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|Forum||Questions||Ask a Question|
Questions about the definition, risks and results of breast biopsy.
|Asked||Publicly Submitted Question|
|2/2/2012||I am scheduled for an excisional breast biopsy for a cluster of microcalcifications. I am not a candidate for the needle core biopsy due to small breast size and the location of the microcalcifications. The breast surgeon told me he plans to remove a tissue sample the size of a walnut. I have small breasts and am concerned my breasts will be disfigured as a result. I am wondering if it is necessary to remove this amount of tissue in order to make a diagnosis. Any information you can provide will be greatly appreciated. Thank you.|
|Replied||JHU's Breast Center Reply|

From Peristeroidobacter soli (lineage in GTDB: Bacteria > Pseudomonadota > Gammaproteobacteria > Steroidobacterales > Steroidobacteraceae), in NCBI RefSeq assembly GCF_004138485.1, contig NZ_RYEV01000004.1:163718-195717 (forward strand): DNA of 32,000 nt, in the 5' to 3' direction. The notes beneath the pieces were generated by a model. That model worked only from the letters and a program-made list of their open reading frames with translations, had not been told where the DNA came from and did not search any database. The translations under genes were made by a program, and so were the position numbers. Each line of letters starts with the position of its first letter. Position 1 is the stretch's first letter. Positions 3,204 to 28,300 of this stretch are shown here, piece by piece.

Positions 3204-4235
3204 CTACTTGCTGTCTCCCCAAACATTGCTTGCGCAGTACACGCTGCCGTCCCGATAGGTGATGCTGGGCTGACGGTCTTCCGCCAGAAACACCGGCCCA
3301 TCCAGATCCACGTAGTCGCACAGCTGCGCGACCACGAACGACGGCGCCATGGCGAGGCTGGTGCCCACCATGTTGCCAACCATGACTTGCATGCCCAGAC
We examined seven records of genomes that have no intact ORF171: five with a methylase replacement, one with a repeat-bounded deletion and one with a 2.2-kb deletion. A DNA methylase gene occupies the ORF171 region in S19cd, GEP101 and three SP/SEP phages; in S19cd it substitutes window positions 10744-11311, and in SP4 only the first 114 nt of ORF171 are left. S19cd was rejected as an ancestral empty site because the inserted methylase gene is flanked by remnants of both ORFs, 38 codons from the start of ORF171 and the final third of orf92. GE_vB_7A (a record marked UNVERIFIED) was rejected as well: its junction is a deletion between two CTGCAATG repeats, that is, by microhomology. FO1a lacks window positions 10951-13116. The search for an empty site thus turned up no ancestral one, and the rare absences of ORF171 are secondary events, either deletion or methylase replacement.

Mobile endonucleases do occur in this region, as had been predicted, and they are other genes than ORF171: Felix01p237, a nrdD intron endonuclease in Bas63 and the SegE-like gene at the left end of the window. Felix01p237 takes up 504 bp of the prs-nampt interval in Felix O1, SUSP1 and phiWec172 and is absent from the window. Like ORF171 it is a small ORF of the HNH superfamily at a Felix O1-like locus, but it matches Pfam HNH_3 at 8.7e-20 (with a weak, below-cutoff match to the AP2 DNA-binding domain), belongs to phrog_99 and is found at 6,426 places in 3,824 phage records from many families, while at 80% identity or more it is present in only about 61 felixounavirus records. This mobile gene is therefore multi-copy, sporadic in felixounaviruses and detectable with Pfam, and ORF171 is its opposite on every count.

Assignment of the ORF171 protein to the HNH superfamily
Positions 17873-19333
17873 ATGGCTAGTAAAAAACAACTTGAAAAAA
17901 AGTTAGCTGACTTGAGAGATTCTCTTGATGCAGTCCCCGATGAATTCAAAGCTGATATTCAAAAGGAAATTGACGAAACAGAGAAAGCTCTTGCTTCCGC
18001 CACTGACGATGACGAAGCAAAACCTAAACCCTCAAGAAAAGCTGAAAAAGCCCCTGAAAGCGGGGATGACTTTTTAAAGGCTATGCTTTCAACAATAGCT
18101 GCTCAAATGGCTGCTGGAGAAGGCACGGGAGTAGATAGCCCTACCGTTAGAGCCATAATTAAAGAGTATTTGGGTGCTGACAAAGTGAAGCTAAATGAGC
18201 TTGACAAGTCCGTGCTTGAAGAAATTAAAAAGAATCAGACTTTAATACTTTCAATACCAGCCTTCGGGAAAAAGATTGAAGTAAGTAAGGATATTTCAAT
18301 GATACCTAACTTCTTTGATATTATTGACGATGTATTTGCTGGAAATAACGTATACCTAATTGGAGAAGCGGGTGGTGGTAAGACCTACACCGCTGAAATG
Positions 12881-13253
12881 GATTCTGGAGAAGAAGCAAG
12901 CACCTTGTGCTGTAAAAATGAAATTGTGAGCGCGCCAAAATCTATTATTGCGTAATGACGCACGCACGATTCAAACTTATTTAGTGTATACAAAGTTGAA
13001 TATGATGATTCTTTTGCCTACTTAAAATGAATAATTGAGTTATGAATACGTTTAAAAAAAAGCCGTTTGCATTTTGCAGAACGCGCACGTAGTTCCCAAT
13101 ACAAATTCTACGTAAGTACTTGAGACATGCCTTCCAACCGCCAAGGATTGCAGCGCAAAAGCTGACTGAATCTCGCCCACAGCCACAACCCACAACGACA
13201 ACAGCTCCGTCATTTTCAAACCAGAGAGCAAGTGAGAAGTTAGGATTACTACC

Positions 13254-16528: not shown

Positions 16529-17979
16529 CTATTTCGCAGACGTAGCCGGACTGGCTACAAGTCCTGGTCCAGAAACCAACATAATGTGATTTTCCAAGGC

|2/3/2012||It really depends on how suspicious these calcifications look. If the radiologist has assigned a birad of "4b" then he is anticipating that the outcome will be a diagnosis of breast cancer. If he assigned a score of "4a" however then the risk if 20%. He needs to get an adequate sampling of them for the pathologist to make a diagnosis. this is the most important thing i can probably tell you. the location of them will influence if your breast will look different or not. calcifications in the upper outer quadrant are "ideal" if there is such a thing, given that the body fills back in a cavity surgically created there and does so quickly with body fat. If tissue needs to be removed from the inner upper or inner lower quadrant however then there may be the appearance of a divit there. the priority however is to focus on the purpose--- knowing if you have cancer and treating it appropriately if that is the outcome of this biopsy procedure.|
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